More than two months after Black Lives Matter Toronto halted the city's Pride Parade to protest racism within the LGBT community, Pride Toronto has issued a public apology.
In a statement posted to its website Monday, Pride's board of directors apologized "emphatically and unreservedly for its role in deepening the divisions in our community, for a history of anti-blackness and repeated marginalization of the marginalized within our community that our organization has continued."
During the protest, BLMTO handed Pride a list of demands including banning cops in uniform from marching in future parades, increased funding for Blockorama (a party for LGBT people of colour), space and funding for Queer Black Youth, and a commitment to increase representation of people of colour on staff.
Pride Toronto executive director at the time, Mathieu Chantelois, initially signed a commitment to meet the demands but later backtracked and said he only did so to get the parade moving. Chatelois has since quit amidst allegations of racism, sexism, and sexual harassment.
The organization then held two town hall meetings, where racism was discussed.
"There has been an unbelievable amount of racism expressed by members of our community through this organization," said Monday's statement from the board of directors.
It also noted that in selecting BLMTO to lead the parade as the Honoured Group, "we were not properly prepared for the racism this would ignite."
The board acknowledged that BLMTO's concerns were not new—they're issues the group has raised time and time again.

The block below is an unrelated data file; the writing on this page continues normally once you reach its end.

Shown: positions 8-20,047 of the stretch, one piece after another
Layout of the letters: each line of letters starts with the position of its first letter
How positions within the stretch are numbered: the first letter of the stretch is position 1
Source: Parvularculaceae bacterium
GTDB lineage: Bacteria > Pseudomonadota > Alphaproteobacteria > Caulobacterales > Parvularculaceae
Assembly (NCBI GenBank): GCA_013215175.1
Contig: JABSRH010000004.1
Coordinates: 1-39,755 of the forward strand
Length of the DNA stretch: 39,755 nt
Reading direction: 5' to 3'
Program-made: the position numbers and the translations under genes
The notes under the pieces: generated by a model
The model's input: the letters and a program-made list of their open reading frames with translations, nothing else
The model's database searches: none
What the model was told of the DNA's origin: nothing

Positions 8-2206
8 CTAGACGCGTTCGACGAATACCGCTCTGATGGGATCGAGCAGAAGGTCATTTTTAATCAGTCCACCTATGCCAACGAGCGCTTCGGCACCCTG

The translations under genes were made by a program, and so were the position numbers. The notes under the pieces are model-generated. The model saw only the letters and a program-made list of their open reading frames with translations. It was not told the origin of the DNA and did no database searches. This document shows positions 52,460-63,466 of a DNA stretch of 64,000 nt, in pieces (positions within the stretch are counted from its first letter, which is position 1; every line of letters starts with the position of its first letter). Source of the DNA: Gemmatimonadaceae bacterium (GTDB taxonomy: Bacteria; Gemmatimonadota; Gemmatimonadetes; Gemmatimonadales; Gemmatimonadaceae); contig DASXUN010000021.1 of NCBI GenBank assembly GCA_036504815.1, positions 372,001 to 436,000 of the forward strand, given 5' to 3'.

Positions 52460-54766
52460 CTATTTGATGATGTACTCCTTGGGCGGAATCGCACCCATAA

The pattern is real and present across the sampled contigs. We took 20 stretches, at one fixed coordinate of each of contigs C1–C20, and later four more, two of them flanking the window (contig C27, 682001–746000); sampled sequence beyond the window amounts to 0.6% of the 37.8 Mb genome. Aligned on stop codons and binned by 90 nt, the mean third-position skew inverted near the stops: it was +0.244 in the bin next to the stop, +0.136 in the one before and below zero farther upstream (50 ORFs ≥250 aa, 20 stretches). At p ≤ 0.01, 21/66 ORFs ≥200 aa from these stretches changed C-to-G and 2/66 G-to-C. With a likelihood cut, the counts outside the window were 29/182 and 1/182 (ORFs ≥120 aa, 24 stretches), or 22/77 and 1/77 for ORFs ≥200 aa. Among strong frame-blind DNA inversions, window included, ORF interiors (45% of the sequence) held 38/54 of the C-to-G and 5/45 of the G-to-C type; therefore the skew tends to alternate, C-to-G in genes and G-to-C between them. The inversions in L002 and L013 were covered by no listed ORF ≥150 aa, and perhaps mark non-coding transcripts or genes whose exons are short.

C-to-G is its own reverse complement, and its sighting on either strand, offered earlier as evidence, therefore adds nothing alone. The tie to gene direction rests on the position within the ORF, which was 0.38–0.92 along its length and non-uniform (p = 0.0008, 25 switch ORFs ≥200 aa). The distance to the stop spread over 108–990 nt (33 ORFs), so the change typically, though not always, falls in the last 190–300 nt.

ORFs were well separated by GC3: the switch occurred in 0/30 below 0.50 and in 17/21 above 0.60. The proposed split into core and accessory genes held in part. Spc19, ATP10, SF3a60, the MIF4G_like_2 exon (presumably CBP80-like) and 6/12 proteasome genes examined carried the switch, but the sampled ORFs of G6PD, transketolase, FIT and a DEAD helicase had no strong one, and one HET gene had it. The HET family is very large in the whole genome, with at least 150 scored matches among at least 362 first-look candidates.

Speaking to VICE Tuesday, BMLTO spokesman Hashim Yussuf said Pride's apology is too little too late.
"It was a very long statement but there wasn't really much concrete," he said. "There hasn't really been much work that we've seen from them that shows they are committed to meeting our demands."
Yussuf spoke of the backlash the group experienced during the 30-minute protest—when attendees were heckling them and yelling "all lives matter."
"We've never had that much push back from any of our actions before."
He said Pride has not been in direct contact with BLMTO since the parade and that the group found out about the apology when it popped up on social media.
In its statement, Pride Toronto said it will use its dispute resolution process to assess law enforcement's participation in future parades.
"Recognizing that no one has asked or agreed to a full exclusion of this group—the (dispute resolution process) will however consider the nature of police participation."
It is also looking to find a new executive director and fill four positions on its board of directors.
Yussuf said he hopes some of those roles will be filed by trans black women, but "we don't have high hopes for them when it comes to anything."
However, he said BLMTO will continue to make sure Pride Toronto is held accountable to the queer black community.
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